Claflin Path by Linda Olson Pehlke
Linda Olson Pehlke is an author and urban planner living in Brookline. Her book, Exploring the Paths of Brookline, is available at Brookline Booksmith and other locations. The series "In Step: Brookline's Paths" was published in Our Town Brookline magazine in 2005 and appears here with the permission of its publisher and the author.
Claflin Path climbs up the western slope of Aspinwall Hill, squeezing itself between densely built townhouse buildings. Marked with a 1937 cast aluminum sign, the path begins as a set of concrete steps, bordered with substantial iron handrails that further demarcate the path's entrance. Before you start your journey, take a moment to appreciate the ambiance of Claflin Road. You can't help but notice the old sycamore trees that line the road in a majestic procession, providing much welcomed shade that softens the streetscape. At eye level, the interesting, patterned bark encircles the massive trucks, which loom large in the intimate space. The three story brick row houses create a uniform street façade, while curved bays, intricate corbels, and unique door and window surrounds create rhythm and visual interest. On the uphill side, front stairs provide a convenient place for flowerpots and for sitting, making it easy to chat with neighbors and passersby. Many of the sloping front lawns sprout flowers or grass, adding additional softness to the walkway. Heavy lily blooms bob on their slender stems at the path's entrance. The overall effect on the street is of pleasing human scale and calm.
Claflin Road was accepted by the town in 1893, and was built as a part of the overall development of Aspinwall Hill. F.L. Olmsted originally designed the curvilinear roadways on Aspinwall Hill in 1883 for the Aspinwall Land Company. Named after one of its principle landowners, Dr. William Aspinwall, the formation of the company allowed for a comprehensive development plan, taking advantage of the hill's unique features and potential. The five pedestrian paths are an integral part of this plan, and are arrayed around the hill in a spoke-like configuration. The quick and direct access they provide make a home on the hill much more convenient for the pedestrian. Without them, you would need to walk a long way on the winding, curving roads. The paths were of particular importance to William Aspinwall's eldest son, Thomas, who was a partner in the civil engineering firm that drew up the final plans for the hill.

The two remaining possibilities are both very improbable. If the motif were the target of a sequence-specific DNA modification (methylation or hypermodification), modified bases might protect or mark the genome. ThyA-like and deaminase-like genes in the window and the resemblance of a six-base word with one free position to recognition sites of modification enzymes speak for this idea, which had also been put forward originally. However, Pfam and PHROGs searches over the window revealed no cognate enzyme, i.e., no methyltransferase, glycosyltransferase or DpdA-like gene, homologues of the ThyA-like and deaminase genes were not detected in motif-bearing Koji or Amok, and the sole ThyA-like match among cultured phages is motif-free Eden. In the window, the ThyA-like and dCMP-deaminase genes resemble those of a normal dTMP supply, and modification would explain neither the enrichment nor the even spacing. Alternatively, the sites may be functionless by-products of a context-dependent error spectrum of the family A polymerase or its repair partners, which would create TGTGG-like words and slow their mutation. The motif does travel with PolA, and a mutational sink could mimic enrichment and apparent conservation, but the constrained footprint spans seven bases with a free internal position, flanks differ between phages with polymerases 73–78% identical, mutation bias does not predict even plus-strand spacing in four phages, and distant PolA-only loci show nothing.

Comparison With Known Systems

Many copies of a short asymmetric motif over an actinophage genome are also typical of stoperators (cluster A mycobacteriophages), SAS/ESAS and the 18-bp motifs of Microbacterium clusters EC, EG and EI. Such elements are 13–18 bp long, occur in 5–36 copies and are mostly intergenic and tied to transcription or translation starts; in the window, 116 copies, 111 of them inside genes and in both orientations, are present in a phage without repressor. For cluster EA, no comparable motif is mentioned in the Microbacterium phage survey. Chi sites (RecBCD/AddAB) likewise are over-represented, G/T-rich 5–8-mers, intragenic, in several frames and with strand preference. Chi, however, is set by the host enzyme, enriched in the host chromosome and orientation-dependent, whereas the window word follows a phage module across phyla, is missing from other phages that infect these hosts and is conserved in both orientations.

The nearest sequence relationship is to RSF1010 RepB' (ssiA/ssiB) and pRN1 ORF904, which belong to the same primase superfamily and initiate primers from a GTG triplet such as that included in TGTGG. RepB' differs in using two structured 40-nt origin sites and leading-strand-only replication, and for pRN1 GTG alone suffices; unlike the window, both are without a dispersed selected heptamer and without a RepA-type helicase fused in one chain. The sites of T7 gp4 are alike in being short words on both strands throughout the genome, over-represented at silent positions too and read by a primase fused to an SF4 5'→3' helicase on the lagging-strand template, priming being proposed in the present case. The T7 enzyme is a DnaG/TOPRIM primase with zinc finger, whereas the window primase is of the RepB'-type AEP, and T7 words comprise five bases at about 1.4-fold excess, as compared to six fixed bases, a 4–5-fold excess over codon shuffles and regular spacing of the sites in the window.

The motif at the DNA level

One of the youngest paths, Claflin Path was constructed by the town in 1922, and required an appropriation of $4,150 to pay for land damages and construction cost. This was unusual; most of the paths did not require the payment of land damages or construction costs.
Connecting Claflin and Addington Roads, its 311-foot length is narrow (8 feet), steep, and urban in feel. Beyond the first set of steps, Claflin Path passes between the tall buildings, and then alongside the porches and balconies perched on their backs. Hardy trees struggle for a foothold on the remaining small patches of earth; and in so doing, shade the stairs. Continuing on, the path bends to the right and climbs a longer set of stairs, eventually reaching an open, 20-foot wide section leading out to the S-shaped Addington Road. Here, the path is lined with three two-family homes that use Claflin Path as their address. The widened path also gives auto access to a parking area and an alley that runs behind Colbourne Crescent, Addington, Claflin, and Rawson Roads.
© 2010 Linda Olson Pehlke. All rights reserved. No part of this article may be reproduced in any form without prior written permission from the author.
Map by Robert Pehlke. Photographs by Linda Olson Pehlke